What’s worse, there are actually therapists out there who will recommend to their patients and clients that an affair can help them.  They’ll convince clients an affair can help them release frustrations, and in the end, it will bring the person and his or her spouse closer together.  “You can’t be serious,” I’m sure you’re telling me as you read this.  Go ahead.  Google it.  I know you’re curious.  It’s worth clarifying, this is not the standard held by the American Psychological Association or by the majority of therapists.  And, for the record, Revive Counseling Center will never recommend for you to have an affair.  But the belief still exists.  It’s so accepted in our culture that these therapists can’t even tell when they’re blurring a line.

“So, Zakk.  How do we protect our marriage?  You make it sound so easy.”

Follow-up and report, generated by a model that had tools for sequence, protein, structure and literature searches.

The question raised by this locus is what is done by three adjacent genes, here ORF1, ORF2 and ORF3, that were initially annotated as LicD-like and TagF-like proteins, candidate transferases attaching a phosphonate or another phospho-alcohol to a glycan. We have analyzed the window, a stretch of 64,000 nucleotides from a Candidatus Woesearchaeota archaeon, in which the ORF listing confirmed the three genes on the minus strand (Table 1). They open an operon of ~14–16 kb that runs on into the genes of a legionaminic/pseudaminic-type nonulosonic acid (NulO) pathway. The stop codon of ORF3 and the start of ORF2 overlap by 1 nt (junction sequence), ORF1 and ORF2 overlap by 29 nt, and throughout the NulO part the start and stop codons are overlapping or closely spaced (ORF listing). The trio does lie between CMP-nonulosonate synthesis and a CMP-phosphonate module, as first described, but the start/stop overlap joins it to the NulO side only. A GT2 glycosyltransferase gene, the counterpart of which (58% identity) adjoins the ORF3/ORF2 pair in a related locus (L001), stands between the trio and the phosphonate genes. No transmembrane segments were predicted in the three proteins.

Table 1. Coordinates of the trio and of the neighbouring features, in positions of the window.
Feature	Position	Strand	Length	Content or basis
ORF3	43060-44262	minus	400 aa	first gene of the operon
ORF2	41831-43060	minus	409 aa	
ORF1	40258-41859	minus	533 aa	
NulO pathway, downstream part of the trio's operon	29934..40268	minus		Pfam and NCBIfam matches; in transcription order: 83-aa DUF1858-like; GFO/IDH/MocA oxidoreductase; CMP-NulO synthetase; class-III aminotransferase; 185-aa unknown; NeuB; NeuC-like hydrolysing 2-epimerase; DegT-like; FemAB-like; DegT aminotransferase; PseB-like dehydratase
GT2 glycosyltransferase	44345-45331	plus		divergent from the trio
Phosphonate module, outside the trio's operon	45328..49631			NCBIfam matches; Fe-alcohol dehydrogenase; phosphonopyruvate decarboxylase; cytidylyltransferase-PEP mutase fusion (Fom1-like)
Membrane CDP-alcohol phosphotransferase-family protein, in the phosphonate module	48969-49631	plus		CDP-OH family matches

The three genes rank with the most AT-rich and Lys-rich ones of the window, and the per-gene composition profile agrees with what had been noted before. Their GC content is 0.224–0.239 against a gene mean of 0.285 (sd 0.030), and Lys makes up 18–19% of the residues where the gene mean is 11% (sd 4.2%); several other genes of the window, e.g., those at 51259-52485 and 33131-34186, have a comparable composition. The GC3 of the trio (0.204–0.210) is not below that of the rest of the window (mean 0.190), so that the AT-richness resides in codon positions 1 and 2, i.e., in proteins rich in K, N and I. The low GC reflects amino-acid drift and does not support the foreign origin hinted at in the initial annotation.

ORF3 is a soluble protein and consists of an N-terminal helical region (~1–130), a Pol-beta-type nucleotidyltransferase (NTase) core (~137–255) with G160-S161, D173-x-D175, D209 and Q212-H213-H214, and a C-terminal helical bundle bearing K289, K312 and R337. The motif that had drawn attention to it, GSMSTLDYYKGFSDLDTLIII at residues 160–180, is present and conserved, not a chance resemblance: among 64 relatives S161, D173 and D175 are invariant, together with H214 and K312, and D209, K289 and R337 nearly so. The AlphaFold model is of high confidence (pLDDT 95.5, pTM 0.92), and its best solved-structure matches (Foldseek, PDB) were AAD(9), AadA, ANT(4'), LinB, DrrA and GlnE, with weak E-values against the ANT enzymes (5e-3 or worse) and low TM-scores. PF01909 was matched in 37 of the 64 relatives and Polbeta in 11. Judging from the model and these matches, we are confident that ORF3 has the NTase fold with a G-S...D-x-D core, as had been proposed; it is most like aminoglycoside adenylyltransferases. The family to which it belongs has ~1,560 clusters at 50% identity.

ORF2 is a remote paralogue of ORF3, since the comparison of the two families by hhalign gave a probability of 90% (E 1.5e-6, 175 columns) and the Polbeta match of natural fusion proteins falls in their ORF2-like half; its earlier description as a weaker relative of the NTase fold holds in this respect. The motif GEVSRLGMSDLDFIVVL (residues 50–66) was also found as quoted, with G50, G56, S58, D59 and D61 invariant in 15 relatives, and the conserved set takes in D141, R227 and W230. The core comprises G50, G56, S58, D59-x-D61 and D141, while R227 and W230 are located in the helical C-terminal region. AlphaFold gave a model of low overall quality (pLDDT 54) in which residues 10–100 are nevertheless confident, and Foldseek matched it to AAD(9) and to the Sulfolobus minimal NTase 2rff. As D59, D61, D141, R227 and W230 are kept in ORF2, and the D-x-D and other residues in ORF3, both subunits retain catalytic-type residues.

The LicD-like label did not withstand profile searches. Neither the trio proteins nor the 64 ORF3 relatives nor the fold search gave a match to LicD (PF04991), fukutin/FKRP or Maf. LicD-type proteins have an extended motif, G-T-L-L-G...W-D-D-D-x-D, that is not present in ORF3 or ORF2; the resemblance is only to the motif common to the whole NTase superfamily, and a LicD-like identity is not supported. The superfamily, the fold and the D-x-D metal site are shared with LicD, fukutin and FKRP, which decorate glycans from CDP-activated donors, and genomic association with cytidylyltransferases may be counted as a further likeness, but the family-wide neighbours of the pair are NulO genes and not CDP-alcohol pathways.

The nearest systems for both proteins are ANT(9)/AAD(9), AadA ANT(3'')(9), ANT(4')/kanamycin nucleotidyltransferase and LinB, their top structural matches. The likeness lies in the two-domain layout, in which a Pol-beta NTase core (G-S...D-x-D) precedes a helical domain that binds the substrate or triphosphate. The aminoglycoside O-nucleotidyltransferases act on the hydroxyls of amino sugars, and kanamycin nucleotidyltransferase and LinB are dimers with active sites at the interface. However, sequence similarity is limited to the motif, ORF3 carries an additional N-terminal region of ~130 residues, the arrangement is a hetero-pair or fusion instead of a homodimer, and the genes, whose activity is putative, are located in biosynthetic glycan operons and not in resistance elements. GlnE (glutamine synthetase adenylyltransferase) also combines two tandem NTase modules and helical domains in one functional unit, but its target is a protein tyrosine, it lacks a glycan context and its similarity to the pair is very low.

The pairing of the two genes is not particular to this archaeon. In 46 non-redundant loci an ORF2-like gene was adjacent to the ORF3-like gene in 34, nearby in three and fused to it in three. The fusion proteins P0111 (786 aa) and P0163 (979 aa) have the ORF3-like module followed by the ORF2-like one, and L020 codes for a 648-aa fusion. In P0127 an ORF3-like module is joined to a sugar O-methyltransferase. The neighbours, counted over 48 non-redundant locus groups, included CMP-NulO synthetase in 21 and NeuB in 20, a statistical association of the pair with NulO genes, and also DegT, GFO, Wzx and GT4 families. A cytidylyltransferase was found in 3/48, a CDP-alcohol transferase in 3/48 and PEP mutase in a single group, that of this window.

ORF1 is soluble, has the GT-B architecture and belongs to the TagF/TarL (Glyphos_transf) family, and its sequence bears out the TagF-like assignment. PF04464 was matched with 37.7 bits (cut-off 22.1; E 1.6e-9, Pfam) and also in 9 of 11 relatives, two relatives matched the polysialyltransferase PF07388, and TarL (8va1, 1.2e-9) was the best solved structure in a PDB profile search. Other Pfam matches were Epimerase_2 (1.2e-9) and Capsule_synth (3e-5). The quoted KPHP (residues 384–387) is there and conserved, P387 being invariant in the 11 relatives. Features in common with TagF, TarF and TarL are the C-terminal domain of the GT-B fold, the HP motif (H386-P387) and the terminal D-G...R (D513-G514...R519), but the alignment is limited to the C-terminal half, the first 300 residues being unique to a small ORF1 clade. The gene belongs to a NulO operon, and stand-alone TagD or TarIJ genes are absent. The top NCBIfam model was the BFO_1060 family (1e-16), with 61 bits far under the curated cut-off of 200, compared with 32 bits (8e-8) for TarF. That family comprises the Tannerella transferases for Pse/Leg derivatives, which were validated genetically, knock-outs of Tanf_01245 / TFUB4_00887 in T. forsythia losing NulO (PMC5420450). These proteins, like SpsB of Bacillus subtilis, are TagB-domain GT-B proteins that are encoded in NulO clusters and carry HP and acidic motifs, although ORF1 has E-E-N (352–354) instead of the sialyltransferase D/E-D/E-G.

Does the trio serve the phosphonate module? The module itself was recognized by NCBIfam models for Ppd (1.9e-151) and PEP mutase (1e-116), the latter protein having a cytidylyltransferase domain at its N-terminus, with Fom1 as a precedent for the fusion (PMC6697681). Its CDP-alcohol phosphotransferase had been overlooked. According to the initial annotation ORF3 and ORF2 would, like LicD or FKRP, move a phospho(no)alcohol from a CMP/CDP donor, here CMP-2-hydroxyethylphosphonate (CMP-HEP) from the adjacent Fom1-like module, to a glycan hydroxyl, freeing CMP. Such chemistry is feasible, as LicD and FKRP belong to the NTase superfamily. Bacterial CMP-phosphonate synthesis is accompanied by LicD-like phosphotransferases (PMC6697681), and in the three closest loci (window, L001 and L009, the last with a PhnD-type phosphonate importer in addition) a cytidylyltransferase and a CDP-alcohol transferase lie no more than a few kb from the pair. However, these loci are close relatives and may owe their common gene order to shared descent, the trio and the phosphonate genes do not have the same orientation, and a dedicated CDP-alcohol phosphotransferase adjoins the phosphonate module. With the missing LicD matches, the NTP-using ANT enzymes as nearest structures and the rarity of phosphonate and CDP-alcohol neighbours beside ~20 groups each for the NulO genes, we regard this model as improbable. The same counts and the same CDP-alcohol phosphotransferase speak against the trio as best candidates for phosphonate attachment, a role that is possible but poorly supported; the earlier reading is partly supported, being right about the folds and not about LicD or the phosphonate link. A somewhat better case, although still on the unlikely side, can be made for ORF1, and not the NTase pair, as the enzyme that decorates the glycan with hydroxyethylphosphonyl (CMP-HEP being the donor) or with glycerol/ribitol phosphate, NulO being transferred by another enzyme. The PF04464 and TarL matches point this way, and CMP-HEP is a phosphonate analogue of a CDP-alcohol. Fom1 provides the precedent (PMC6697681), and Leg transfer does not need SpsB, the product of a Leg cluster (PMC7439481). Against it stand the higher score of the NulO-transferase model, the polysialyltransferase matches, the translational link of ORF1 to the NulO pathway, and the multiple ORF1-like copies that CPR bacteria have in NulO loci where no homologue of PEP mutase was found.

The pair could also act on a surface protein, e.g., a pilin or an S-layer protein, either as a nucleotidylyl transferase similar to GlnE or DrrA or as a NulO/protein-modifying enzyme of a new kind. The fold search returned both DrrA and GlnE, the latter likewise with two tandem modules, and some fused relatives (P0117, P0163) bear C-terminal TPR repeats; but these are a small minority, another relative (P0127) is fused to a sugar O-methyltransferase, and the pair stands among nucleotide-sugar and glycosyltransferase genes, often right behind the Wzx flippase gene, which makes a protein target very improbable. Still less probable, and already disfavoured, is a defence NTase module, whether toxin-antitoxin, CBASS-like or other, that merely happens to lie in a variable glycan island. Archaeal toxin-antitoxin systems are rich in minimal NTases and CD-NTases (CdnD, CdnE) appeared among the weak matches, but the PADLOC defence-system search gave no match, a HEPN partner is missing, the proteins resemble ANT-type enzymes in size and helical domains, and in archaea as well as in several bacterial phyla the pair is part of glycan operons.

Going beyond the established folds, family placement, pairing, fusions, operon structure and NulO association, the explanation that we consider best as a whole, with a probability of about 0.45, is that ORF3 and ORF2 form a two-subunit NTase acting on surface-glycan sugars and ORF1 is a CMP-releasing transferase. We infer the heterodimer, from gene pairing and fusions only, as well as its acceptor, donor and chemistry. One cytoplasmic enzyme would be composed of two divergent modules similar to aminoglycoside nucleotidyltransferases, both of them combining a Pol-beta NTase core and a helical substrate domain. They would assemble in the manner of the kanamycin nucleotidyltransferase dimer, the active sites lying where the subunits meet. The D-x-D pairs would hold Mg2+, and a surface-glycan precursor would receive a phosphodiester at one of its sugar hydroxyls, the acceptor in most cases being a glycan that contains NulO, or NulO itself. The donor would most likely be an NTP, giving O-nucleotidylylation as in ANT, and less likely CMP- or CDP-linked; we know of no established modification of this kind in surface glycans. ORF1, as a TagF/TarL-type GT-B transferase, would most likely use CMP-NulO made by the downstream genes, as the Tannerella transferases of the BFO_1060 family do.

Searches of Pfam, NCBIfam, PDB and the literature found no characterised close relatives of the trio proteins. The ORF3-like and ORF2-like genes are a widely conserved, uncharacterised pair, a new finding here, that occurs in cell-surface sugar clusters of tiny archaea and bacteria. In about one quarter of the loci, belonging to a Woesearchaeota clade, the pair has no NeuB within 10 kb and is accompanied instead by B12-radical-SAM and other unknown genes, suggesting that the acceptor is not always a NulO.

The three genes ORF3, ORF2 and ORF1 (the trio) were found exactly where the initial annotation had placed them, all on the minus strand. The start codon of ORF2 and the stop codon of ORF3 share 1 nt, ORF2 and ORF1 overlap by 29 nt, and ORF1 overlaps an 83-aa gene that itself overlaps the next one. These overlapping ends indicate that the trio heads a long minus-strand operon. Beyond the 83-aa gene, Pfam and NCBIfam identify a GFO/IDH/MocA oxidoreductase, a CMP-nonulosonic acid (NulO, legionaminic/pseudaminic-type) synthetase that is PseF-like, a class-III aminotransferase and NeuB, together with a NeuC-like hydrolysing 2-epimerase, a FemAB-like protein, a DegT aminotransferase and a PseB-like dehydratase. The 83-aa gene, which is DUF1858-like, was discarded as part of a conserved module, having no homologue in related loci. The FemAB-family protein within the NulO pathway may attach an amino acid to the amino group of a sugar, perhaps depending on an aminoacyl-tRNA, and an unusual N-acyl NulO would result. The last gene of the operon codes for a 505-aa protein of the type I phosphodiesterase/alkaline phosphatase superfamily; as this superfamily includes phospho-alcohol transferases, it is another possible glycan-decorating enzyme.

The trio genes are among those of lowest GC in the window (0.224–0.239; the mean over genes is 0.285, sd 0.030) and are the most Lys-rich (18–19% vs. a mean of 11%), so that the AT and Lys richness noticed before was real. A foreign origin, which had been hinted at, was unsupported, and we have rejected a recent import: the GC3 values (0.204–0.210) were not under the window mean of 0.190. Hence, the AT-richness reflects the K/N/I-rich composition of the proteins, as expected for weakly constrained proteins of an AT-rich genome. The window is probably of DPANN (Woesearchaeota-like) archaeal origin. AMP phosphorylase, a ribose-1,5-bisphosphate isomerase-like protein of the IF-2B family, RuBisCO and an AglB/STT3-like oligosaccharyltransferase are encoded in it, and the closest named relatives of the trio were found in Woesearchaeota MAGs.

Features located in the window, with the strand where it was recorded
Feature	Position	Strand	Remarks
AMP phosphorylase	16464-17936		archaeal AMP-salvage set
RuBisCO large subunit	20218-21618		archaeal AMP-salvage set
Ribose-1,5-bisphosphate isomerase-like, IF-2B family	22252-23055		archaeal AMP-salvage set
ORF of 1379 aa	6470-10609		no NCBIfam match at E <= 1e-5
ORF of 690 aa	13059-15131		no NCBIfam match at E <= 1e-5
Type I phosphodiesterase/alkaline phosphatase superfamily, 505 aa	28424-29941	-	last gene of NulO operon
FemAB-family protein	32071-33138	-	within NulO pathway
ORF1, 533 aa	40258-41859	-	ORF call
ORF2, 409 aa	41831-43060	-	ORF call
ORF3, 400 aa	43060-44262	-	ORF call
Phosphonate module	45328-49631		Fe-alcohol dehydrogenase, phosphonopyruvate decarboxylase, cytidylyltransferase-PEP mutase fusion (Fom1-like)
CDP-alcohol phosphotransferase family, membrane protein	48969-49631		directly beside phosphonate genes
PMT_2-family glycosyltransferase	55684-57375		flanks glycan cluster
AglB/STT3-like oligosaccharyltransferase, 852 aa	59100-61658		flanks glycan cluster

I’m so glad you asked.

Lean on the Word of God.  In fact, He tells us there is strength found in our marriage relationship:

Therefore what God has joined together, let no one separate. – Mark 10:9

But He also shows us the importance of forgiving each other:

Be completely humble and gentle; Be patient, bearing with one another in love.  Make every effort to keep the unity of the spirit through the bond of peace.” – Ephesians 4:2-3

There are numerous scriptures and passages that relate to marriage, relationships and forgiveness and grace.  If you’re struggling with one of the areas, consider asking your pastor, church leadership or a trusted Christian mentor about where to start.

There’s also a lot of great advice online when you’re dealing with an issue in your relationship.  In 2005, Becky Zerbe wrote an article that touched the hearts of a lot of people considering leaving their spouse.  The List that Saved My Marriage provides sound advice if you feel like your marriage is failing, because it encourages you to look at your actions as well.

The book Fireproof and the subsequent movie have been encouraging to many couples.